Deegan soon decided that the Alhambra was sufficient for him, and he put The Store up for sale in March 1895. In September 1896, the Gazette reported that Nester Hose Company was about to move into the space. Deegan made his brother William the manager of the Alhambra (Geneva Directory 1895-96, p 211), and plunged into what seems to have been his first love  – sports. In July, he played first base in a baseball game between Lyons and Geneva liquor dealers (Lyons won 9-8.) Geneva had a baseball team, and when the Cincinnati Reds came to play them (as a courtesy, explained the Daily Times, because their pitcher Frank Dwyer was from Geneva), Deegan provided Dwyer with a large bouquet (August 18, 1896.) A year later, Deegan bought the franchise of the Batavia Baseball Club, and moved it to Geneva. The Daily Gazette applauded the move, praising the skill of the players, the new, becoming uniforms, and Deegan’s enthusiasm. It described an exciting game between teams from Geneva and Canandaigua, with friction between the Canandaigua manager and the umpire, “No blood was shed, however” (Gazette August 6, 1897.) The team quickly took the name The Alhambras.  Despite this rousing start, a month later, the Daily Times complained that there would be –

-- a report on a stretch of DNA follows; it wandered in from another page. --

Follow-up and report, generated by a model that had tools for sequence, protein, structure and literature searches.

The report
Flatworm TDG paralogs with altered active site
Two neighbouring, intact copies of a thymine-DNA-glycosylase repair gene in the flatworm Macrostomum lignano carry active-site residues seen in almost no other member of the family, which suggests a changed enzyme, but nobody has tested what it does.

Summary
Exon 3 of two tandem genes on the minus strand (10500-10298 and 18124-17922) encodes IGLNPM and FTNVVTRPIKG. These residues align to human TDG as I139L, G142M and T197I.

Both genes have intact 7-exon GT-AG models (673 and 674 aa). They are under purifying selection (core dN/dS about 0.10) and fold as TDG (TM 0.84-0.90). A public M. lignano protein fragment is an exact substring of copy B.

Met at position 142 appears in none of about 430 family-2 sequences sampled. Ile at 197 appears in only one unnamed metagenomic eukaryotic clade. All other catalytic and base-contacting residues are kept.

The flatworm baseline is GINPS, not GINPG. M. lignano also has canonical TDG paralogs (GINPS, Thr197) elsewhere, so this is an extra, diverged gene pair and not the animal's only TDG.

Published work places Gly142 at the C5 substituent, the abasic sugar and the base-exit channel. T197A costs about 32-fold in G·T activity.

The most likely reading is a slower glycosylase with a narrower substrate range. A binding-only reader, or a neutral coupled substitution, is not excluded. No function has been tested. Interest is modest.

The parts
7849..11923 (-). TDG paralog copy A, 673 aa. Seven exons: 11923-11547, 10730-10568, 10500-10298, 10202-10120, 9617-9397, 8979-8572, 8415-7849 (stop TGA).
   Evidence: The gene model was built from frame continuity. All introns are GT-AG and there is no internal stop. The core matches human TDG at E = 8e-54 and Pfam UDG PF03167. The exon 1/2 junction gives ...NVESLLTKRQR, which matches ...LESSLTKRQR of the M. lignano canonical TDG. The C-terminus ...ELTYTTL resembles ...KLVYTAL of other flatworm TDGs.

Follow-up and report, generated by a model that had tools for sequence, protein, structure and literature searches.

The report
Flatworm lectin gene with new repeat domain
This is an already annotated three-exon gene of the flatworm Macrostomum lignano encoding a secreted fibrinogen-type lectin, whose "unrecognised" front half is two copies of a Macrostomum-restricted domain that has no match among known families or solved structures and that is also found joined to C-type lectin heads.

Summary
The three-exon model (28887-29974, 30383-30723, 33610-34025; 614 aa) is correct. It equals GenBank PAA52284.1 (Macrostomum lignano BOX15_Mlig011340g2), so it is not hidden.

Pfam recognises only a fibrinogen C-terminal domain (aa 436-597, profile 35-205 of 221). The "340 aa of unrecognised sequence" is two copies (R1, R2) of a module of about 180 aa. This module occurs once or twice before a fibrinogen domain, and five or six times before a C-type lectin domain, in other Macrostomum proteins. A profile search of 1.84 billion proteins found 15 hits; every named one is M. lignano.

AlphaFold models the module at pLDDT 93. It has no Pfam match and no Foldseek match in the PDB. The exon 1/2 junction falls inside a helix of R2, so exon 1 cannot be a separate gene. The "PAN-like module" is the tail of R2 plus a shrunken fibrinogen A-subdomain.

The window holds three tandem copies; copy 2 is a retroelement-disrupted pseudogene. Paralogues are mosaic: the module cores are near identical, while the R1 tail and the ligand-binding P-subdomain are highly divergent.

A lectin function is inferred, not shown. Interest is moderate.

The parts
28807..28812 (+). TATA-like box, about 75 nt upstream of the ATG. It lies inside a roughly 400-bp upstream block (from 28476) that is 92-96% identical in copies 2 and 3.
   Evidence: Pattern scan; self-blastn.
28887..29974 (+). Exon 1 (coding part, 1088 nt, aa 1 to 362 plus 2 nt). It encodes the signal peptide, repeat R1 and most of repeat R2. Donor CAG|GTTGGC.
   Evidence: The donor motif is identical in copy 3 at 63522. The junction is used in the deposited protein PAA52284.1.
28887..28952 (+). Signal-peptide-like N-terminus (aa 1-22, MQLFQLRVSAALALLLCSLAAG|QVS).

NO MORE BASE BALL . . .

DEEGAN IS OUT.

Dan Disgusted by the Conduct of the Alhambras – He Says he is Through With Base Ball Forever – . . .

A very unsatisfactory game, from every point of view, was that played at Pre-emption park yesterday, between the Alhambras and the Canandaigua Rustlers. Not only was the game wholly without interest for the fans, but it was of such caliber as to disgust and anger the management. Even genial Dan Deegan, who seldom allows anything . . . to ruffle his calm demeanor, said a naughty word when he observed the disgraceful conduct of his pets. He stood it until the fifth, and then . . . boarded a car for home.  . . . Mr. Deegan said . . . “I am disgusted with the men who compose the Geneva base ball team, which has become known as my property. The game . . . was a most disgraceful exhibition; the conduct of the so-called ball players in my employ was shameless.  . . . Whether the poor playing was the result of a spree the night before I am unable to say. Anyway, I am disgusted . . . Ball next year? Yes, if someone else pays for it” (September 15 1897).

Two days later, the Daily Gazette said that Deegan had lost about $1,000 on the venture – “that is, gate receipts have not . . . equaled salaries and other expenses – but the loss is partially made good by receipts at the bar under the grand stand. ‘Dan’ however is the last man to ‘squeal’ even if out of pocket. May he do a great deal better another year.”

Next time:  It wasn’t just baseball for Deegan